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Create a "Hero Book"


Who does your child want to be like? Whose life inspires your child? What kind of people does your child think about from day to day, aiming to mold his or her character after?


Help your child point more toward positive, constructive role models than the other kind, who are all too easy to see in today's world. You can do this by helping your child create a "Hero Book."


If your child is Internet-savvy, he or she can do this alone after you give the basic materials and instructions. All you need is a three-ring binder notebook and paper for your printer that's 3-hole punched or can be.


Now brainstorm with your child about people throughout history who could be considered "heroes." They should be real people, not fictional. It's OK to list only Christians, but you sure don't have to. Each person should be considered "good," although of course every hero is going to have some gray areas or even black spots. Just don't let your child veer off into glorifying people who amassed a lot of power, like Adolf Hitler, but failed to achieve goodness.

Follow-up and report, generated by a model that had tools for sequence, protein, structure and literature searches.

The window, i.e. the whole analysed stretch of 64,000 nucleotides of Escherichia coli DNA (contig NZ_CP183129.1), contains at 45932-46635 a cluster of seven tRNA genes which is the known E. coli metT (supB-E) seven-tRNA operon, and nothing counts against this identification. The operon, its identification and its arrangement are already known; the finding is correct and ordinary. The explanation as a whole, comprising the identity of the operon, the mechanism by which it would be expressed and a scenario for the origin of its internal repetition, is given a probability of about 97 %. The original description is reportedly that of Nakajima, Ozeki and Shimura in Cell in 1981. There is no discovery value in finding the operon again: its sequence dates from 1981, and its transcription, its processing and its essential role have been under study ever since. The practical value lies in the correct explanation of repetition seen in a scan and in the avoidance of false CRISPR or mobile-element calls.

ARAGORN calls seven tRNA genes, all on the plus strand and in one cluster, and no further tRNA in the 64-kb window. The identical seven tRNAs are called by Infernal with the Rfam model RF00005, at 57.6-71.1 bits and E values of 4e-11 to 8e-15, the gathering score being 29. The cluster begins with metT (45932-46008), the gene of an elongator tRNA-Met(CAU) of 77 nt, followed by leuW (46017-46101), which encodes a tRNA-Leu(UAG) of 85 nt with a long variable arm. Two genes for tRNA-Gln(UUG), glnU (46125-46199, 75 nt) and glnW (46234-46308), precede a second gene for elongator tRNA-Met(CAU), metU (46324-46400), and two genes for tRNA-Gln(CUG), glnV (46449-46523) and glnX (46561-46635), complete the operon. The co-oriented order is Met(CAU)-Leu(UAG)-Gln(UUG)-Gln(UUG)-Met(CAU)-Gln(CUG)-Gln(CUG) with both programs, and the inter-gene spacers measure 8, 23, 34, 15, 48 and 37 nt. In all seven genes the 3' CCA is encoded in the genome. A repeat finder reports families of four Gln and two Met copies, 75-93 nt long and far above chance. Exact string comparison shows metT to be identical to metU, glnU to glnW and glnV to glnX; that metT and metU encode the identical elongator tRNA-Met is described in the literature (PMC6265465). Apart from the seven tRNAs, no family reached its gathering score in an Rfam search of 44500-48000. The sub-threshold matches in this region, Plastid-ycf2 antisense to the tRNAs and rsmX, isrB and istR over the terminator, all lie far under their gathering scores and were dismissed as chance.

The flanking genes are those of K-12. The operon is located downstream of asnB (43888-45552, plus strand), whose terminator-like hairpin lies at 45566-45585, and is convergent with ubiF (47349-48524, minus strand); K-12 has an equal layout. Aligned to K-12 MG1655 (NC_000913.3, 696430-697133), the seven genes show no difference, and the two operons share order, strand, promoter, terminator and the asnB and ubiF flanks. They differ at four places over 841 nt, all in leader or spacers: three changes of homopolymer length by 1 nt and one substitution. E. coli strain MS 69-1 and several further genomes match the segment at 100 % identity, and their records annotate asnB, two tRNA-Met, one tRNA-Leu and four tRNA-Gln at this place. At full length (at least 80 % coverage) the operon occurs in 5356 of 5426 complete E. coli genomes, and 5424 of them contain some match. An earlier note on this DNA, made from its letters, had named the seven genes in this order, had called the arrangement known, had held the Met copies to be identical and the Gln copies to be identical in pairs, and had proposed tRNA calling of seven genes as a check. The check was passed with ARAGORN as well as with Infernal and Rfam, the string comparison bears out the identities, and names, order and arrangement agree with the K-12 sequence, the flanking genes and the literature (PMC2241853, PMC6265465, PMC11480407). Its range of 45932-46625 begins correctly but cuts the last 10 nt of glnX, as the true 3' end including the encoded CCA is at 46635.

Try to mix it up with the list, in terms of gender, age, nationality, race and area of contribution. Come up with a list of, say, 10 names to start. Then go to a search engine and obtain a photo of each person. Put each person's photo on a separate page, with the year born and the year died, a little about the person's life, including the nation or American state or city in which he or she lived, and then the key entry: a sentence explaining why that person is heroic.


Here are some examples. How many more heroes can your child collect?




Alexander the Great


Ludwig von Beethoven


Sir Isaac Newton


Joan of Arc


Christopher Columbus


George Washington


Florence Nightingale


Mahatma Gandhi


Nelson Mandela


Amelia Earhart


By Susan Darst Williams Heart Lessons 049 2007


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